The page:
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How Coaching Creates Creative Flow

In my last post I described psychologist Mihaly [tag]Csikszentmihalyi[/tag]‘s concept of creative flow. Now I want to focus on how coaches and managers can help creative professionals achieve [tag]creative flow[/tag] more often in their work – and by doing so, produce creative work of a higher standard.

If you are responsible for managing or developing professional creatives or artists, I invite you to consider how you use the following behaviours, which can help you engage their full enthusiasm and continually raise the bar of creative performance.

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Flow can be unpredictable and elusive. It requires a delicate balance of many different elements, so it cannot be controlled – in fact, a controlling mindset tends to interfere with it. But through coaching it is possible to influence performance in a way that increases the likelihood of achieving flow. And it should be taken as read that the following needs to be applied with sensitivity to the needs of each individual.

Creative [tag]flow [/tag]is defined by Csikszentmihalyi as “An almost automatic, effortless, yet highly focused state of consciousness” that occurs when we are working at the peak of our creative abilities.

See my previous post for a more detailed description of the nine characteristics of flow. Below I’ve listed these characteristics again, with each one followed by ways that you can influence it through coaching to help people achieve creative flow:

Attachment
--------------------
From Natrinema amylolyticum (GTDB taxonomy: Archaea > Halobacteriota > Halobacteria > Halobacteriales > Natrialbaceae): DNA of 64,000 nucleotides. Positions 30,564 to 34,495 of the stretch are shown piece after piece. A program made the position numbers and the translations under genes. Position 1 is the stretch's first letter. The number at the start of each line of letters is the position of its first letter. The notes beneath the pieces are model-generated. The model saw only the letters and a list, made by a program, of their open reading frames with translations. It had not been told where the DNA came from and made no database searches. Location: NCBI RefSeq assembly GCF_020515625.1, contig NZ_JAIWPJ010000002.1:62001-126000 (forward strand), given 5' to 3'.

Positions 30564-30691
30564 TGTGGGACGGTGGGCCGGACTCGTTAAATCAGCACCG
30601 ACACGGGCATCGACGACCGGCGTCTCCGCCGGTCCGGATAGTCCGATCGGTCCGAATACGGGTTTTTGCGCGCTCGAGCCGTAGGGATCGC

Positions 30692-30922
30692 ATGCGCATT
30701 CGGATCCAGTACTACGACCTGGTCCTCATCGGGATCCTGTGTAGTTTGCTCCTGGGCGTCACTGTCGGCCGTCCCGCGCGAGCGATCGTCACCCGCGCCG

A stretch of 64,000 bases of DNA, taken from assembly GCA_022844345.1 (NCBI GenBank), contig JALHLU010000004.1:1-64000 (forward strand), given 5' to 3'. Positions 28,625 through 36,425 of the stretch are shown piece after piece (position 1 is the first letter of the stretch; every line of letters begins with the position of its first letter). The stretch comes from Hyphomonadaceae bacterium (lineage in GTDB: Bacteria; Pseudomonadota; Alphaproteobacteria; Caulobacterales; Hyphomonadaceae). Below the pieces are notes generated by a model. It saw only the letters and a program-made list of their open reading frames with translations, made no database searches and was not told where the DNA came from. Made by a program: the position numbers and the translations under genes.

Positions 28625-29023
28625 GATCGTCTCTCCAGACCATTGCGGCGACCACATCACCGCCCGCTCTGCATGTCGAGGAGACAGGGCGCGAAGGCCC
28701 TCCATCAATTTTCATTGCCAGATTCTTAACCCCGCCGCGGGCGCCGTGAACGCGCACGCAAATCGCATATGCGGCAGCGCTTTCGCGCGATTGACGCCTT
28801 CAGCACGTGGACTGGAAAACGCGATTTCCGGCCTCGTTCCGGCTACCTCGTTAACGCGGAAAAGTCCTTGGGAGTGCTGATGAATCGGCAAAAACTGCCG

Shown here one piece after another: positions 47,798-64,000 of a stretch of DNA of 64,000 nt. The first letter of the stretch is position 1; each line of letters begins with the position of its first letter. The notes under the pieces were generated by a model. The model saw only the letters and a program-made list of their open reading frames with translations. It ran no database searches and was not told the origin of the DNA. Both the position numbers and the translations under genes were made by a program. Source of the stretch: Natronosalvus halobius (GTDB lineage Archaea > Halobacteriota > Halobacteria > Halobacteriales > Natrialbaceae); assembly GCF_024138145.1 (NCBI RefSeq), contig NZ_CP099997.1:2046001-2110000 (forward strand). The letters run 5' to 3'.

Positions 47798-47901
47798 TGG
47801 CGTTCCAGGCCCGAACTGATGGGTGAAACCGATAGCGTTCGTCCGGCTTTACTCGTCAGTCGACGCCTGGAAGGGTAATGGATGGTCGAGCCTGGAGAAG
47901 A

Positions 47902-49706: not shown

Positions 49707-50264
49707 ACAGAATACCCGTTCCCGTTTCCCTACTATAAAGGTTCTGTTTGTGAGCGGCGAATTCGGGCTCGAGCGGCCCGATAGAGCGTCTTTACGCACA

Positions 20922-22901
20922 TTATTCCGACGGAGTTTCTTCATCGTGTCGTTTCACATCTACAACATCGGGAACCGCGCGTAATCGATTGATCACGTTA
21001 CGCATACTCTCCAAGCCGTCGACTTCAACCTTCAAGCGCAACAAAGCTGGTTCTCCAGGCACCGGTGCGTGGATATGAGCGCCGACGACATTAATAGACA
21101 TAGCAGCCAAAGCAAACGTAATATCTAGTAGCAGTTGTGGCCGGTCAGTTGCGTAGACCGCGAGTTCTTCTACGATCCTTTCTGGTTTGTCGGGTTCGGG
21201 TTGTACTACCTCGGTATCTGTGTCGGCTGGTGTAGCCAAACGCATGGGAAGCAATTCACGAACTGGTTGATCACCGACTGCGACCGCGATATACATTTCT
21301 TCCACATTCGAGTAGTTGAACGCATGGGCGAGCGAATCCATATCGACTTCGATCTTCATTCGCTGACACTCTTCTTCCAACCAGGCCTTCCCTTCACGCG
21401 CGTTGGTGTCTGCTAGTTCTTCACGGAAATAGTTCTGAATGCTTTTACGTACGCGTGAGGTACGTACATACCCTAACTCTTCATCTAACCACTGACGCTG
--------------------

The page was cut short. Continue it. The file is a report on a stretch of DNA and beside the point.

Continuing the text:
1. There are clear goals every step of the way. Goals are central to coaching – it has even been said that without a goal, you are not coaching. For any given task or project, ensure that the goal is clearly understood by all parties, and has the right balance between an inspiring challenge and a measurable target.
  2. There is immediate feedback to your actions. Delivering genuinely constructive feedback is another fundamental coaching skill. By providing clear feedback on people’s creative work and their professional behaviour, you help your team to gauge their performance relative to the agreed goals. When dealing with highly skilled (and sometimes sensitive!) creatives, it is critically important to deliver feedback in a way that is appropriate to individual motivations, personalities and working styles.
  3. There is a balance between challenges and skills. Take care to match tasks to people’s abilities and help them them to develop their skills, through coaching them yourself or offering other training or development opportunities. You should also notice whether someone is trying too hard or not enough, and compensate by switching to a supportive or challenging style of coaching accordingly.
  4. Action and awareness are merged. When we are congruent, our actions, thoughts and feelings are all directed towards a single goal. Every person you manage or coach will be giving you many verbal and nonverbal signals that indicate their level of congruence. If you are sensitive enough to notice incongruence, you can address the concerns or conflicting priorities that are interfering with focused work – see 5.
  5. Distractions are excluded from consciousness. If an individual is finding it difficult to focus on his/her work, you can use coaching as a forum for resolving the distracting issues. If there are perceived conflicting priorities, you can negotiate or explain the real priorities. If the individual is being held back by a lack of confidence or personal problems, you may be able to help by coaching them, or referring them to an appropriate specialist. If there is interpersonal conflict, you can address it by coaching the people involved and mediating between them. As a manager or director, you may have the authority to minimise external distractions such noise or demands from other workers.